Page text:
This year I decided to amp up the one point perspective room drawing and add another level of design. While reflecting on last year’s “dream bedrooms” I realized that there was a lot of untapped potential in the assignment. I hadn’t thought about what a real interior designer might bring to a pitch in order to show the client and I was excited about adding more design elements to this project. As a result I divided the project into two pieces. The first piece was a focus on one point perspective as a drawing technique. As most art teachers know this can be a tedious and painfully slow drawing technique for most young high schoolers. So to dress it up we had our second piece which was interior design. This involved choosing a theme, fabric samples, a color scheme, and a Pinterest board.
As part of our STEAM initiative to co-ordinate the curriculum between Physics and Art Foundations I lined up this project with the students study of projectiles and vectors. While the studies both involved objects relative placement in space, it was the technical drawing aspects that lined up in these two projects more than anything else.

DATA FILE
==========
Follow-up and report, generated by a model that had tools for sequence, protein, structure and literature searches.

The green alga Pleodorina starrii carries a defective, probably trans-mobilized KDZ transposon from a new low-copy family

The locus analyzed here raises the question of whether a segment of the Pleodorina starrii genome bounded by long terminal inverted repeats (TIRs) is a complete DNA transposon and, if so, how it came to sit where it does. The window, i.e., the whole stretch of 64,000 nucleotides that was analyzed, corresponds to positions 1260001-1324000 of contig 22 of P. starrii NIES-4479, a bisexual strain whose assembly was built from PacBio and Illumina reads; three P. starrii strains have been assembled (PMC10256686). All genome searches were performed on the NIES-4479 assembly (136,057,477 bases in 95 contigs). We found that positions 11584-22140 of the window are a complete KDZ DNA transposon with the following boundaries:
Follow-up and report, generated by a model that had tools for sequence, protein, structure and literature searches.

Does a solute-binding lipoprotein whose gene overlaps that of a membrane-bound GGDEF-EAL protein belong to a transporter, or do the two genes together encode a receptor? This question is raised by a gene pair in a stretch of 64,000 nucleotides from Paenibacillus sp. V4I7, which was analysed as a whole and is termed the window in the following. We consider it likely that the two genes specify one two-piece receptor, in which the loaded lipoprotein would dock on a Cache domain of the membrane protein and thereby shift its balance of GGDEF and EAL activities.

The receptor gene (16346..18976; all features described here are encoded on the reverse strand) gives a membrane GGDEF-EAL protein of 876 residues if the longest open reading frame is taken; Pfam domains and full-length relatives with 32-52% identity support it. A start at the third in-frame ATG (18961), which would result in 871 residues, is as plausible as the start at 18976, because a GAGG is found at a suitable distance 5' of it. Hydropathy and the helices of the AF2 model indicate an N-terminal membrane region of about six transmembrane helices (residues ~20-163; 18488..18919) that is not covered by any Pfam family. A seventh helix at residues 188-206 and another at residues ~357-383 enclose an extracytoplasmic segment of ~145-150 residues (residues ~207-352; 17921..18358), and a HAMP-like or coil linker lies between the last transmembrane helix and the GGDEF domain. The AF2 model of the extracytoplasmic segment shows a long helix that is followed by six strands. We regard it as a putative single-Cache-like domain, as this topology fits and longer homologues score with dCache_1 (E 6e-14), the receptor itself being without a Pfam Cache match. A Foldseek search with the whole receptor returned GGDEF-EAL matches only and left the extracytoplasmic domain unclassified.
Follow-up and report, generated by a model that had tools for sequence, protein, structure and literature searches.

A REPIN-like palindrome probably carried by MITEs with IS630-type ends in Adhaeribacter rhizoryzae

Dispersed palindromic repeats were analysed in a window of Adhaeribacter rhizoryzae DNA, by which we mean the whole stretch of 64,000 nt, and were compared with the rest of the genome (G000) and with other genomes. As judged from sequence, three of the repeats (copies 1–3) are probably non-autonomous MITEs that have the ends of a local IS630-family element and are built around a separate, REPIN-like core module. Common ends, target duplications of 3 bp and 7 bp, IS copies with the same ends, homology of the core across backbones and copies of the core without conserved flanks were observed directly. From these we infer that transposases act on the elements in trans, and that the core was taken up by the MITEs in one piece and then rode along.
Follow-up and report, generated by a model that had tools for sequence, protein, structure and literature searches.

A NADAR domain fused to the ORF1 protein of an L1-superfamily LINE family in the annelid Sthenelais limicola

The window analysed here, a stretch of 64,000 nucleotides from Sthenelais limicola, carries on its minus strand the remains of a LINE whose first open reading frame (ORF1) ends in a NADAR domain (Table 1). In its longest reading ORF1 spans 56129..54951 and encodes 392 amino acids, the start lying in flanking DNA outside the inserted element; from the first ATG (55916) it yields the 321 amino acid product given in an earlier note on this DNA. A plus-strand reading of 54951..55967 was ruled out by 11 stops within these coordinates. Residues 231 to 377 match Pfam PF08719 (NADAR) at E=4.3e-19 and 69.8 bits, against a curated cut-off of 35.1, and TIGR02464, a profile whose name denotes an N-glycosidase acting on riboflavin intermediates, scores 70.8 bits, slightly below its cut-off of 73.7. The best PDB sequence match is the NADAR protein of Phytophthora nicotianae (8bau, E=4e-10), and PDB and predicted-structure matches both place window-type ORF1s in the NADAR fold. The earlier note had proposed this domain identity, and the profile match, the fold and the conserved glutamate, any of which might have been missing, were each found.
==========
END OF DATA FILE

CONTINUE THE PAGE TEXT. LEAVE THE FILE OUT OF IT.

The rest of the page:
For a week, at the beginning of November I split our classes up into two parts. I alternated between the technical drawing technique of one point perspective, and interior design. For example we would begin class with a step-by-step lesson on drawing different shaped objects using one point perspective beginning with opaque and transparent boxes and working our way through more complicated objects. We would then transition to designing inspirational boards on Pinterest, or picking out a color scheme using paint chips I had collected from various trips to Home Depot as well as ones brought in by enthusiastic students. We even made sure to look at examples of current practicing artists, and their work. One example was 6th Street Design School, and I highly recommend taking a look at this designer, and blogger.
My thought process here was that if I could alternate between beginning or ending each class with a formulaic drawing technique, and begin or end with open ended design, it would keep students more engaged. This proved successful when I received far fewer groans and moans about one point perspective drawing than I have in years past. Everyone was so excited about creating an imaginary room, with a limitless budget, that I think they hardly noticed they were learning. I was even more impressed with how confidently my young women asserted their individual tastes and styles, without any apparent hesitation of being judged by their peers. However, it shouldn’t surprise me that much since self confidence and industriousness are definitive traits of Stone Ridge girls.
Below you can see some of the stages of the projects development, as well as some finished products.